The swiss it scene is financially solid, well-organized and well-connected. That is why hp, microsoft and orange organize an annual customer event: the x.Days. The accompanying program of prominent speakers, however, shows the self-consciousness of the scene – involuntarily
Tv presenter sandra studer opens the day with a thunderclap. Morning at 9.30 o’clock the aged bernrock group span (according to the printed drum on "maraton tour") dells the first horn bones and then after a song stand of the heads of hp, orange and microsoft passes the stage of the future. 1100 it managers and consultants straighten their ties blown up by the sound level and get ready for something new.
Ray kurzweil also has less problems with this than with the remote control of powerpoint slides. For him the case is clear. Nature has taken billions of years to bring so-called life into the world quite inefficiently. In just one century, it will grow up and merge with biotechnology, building new butt bubbles that let people sit under water in a swimming pool for up to 20 minutes.
Kurzweil does not say why. It is important for him to let the model of god slowly pass over into a mechanized superman of nietzschean pragmatism. And that is more than convenient for a scene that thrives on growth and thus on more and more technology.
So far, the math works out. According to moore’s law, the capacity of processors has doubled every ten years, while the cost of some of them has fallen to a tenth of what it used to be. And that with double-digit sales growth. From this point of view, some people in the auditorium could loosen their belts and sit with their legs apart, because it seems to be a tremendous value-added generator. And poverty does not break out among it managers. Not so far, because the effects could develop in a completely different direction with the increasing empowerment of each individual.
Swarm intelligence is, according to heiner g. Koppermann, swarm intelligence is responsible for a new approach to innovation in modern companies that can no longer be controlled centrally. And that can easily escape a central it department with its carefully growing budgets. Just as a metal ball always rolls downwards on an inclined plane, the rollout of each new version of a software seemed to be preprogrammed. But just as you can’t predict the crawling of a mouse at this level, in the future such self-regulating systems will also go their own way. And that doesn’t always have to be in the it industry’s interest. Then the key account manager can only sit on the bottom of the swimming pool crying with ray kurzweil.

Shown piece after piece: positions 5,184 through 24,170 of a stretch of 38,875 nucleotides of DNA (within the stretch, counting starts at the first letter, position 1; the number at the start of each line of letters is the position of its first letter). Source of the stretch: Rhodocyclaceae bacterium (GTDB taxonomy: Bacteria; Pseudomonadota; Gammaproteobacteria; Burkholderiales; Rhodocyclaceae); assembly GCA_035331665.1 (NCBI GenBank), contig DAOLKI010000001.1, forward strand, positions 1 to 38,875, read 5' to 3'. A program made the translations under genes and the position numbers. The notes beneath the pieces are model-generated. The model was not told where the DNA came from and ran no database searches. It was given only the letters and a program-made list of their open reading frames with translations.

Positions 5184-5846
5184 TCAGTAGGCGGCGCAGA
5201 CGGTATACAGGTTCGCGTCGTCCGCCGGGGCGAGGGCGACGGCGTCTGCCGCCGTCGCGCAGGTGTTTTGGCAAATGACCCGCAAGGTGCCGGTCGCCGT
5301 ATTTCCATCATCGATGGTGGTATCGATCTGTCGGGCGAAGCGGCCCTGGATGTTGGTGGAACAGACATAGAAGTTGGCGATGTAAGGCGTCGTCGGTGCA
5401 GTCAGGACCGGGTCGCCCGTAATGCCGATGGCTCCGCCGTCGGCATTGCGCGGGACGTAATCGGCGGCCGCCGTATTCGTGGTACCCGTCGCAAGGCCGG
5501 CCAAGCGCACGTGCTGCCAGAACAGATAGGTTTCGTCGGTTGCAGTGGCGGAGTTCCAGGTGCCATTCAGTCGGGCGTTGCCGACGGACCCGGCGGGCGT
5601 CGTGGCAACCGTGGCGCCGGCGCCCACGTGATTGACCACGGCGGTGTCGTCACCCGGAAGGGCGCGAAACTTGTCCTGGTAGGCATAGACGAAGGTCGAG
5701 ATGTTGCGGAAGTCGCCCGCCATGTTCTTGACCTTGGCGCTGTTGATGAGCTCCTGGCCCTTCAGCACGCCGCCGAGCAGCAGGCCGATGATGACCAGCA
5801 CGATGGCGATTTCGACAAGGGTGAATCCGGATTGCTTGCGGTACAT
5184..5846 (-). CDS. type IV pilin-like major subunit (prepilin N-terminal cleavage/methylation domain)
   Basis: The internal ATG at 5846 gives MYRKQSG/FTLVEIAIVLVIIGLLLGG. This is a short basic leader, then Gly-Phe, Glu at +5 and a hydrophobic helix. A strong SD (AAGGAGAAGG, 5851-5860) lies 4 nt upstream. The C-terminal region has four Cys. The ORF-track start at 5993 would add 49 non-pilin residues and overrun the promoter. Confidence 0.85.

Monday, the 20.3. To the x.Days. Photo: x.Days
Lothar spath, highlight before his well-deserved lunch, must know how much centralism can be a hindrance and how difficult it is to lead a giant company in a planned way on new paths. If you believe him, then the saving idea for the jena optics came about mainly through a drunken night with swabians in singapore, so not very planned. And certainly not grown on the crap of a technical team. Spath considers technicians to be the biggest enemies of customers anyway, because they don’t want to generate sales, but respect for their own work.
So dismiss the x.Days into the afternoon full of technical sessions and the eternal mantra that the best features for the best price have been tailored to the optimal solution for the customer. This does not really want to degenerate into euphoria. Especially not when the last speaker of the day, reinhold messner, talks openly about having achieved his successes by leaving out equipment.
Perhaps the hateful truth of a scene set lies in the final image of the day as the 1100 visitors approach the exit. Past carefully layered lemonades on ice, but no one wants to touch them anymore. Because harder drinks are waiting outside and people have simply got used to the ones in the house without much thought.